Robert Christgau: Dean of American Rock Critics

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Playboy Music

No way Boston's Tom Scholz is a profiteer--not when he's spent six years doing Third Stage (MCA) his way. In fact, even though he's patently reluctant to venture out of the studio retreat he calls home, he's more like a priest of the Church of Latter-Day Arena Rock, perfecting majestic guitar sounds and angelic vocals for hockey-rink cathedrals the world over. And just in case designated singer Brad Delp--or, heaven forbid, Scholz himself--doesn't hear the call to go out among boys and preach the word, Scholz has also designed elegiac melodies suitable to a modern radio ministry. What it all means is known only to adepts. MCA figures there are about 10,000,000 of 'em.

In Britain, shambling has been described as a new movement or, at least, a new revival, though it sounds like a slightly effete variation on the Sixties-style all-guitar pop heard in American garages since before Mitch Easter was a legend. The first three entrants with domestic label deals are all talented young bands, but, like their U.S. counterparts, they tend toward stasis. Hence, The Mighty Lemon Drops will probably end up also-rans, though the tough, uncut edge of their Happy Head (Sire) sets it apart--from, for instance, James's Stutter (Sire), winch redeems itself somewhat by delivering morbidly eccentric lyrics and cutting its peculiar hooks with hints of neopsychedelic chaos. So far, only the Woodentops have more to say musically than is dreamed of in electric jangle and the odd good tune. Their fastest tracks--usually also then earliest ones, sad to say, which is why Well Well Well . . . (Upside) tops the fairly wooden Giant (Columbia)--could be punk without nihilism. Let's hope the cuteness is only a phase.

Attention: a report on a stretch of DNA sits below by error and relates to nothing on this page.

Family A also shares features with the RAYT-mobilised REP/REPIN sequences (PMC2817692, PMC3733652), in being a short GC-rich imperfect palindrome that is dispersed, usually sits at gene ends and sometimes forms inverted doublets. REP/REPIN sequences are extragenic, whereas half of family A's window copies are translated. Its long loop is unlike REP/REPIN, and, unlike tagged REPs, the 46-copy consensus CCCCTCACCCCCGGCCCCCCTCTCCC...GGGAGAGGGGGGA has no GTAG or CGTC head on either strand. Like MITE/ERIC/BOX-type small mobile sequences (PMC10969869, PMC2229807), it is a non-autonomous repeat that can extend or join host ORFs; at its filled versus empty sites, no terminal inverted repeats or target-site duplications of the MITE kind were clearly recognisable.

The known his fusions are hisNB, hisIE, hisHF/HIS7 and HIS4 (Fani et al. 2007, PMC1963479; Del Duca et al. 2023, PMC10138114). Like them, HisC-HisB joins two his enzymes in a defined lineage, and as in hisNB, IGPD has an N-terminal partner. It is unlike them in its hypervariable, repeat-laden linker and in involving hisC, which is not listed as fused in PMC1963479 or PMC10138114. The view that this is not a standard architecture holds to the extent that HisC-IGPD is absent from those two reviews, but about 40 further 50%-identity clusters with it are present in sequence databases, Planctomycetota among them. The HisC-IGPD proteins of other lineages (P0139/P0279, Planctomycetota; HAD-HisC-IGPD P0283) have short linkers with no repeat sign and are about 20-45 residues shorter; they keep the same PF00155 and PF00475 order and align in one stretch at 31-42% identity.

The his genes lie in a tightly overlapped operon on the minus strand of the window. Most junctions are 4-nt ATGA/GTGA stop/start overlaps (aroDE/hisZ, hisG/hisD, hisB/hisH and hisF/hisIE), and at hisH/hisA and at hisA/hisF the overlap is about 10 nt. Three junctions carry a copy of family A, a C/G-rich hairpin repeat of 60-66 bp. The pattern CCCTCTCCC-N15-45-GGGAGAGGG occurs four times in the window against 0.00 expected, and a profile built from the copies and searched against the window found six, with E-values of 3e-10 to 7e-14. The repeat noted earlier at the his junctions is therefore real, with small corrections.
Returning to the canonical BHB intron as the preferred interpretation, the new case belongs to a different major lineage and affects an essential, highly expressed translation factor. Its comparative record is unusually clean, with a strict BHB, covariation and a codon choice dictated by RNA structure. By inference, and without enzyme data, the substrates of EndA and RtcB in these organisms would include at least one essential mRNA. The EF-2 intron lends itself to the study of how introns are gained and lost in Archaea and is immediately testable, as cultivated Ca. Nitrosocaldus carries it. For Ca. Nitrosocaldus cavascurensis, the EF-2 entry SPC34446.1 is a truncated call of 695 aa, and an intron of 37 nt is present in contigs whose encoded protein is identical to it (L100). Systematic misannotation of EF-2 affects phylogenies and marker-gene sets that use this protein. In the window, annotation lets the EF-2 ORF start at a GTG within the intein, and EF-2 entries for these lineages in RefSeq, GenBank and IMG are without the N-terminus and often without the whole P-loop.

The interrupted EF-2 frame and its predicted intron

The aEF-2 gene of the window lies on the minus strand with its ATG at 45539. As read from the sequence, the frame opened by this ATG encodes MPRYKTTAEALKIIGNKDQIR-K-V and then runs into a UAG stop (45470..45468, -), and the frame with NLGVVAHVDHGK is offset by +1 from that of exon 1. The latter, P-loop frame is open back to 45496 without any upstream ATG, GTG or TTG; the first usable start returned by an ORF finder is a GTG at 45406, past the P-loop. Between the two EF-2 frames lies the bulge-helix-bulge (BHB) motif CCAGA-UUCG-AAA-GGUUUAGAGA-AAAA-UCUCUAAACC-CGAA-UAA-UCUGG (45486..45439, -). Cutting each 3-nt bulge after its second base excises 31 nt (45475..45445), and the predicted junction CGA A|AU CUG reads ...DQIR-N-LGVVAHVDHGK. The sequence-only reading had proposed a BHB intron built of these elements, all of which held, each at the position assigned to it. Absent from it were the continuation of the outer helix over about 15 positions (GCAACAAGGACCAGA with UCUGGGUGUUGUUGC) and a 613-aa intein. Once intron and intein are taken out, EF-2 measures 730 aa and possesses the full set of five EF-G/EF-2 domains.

Playboy, Mar. 1987

Feb. 1987 Apr. 1987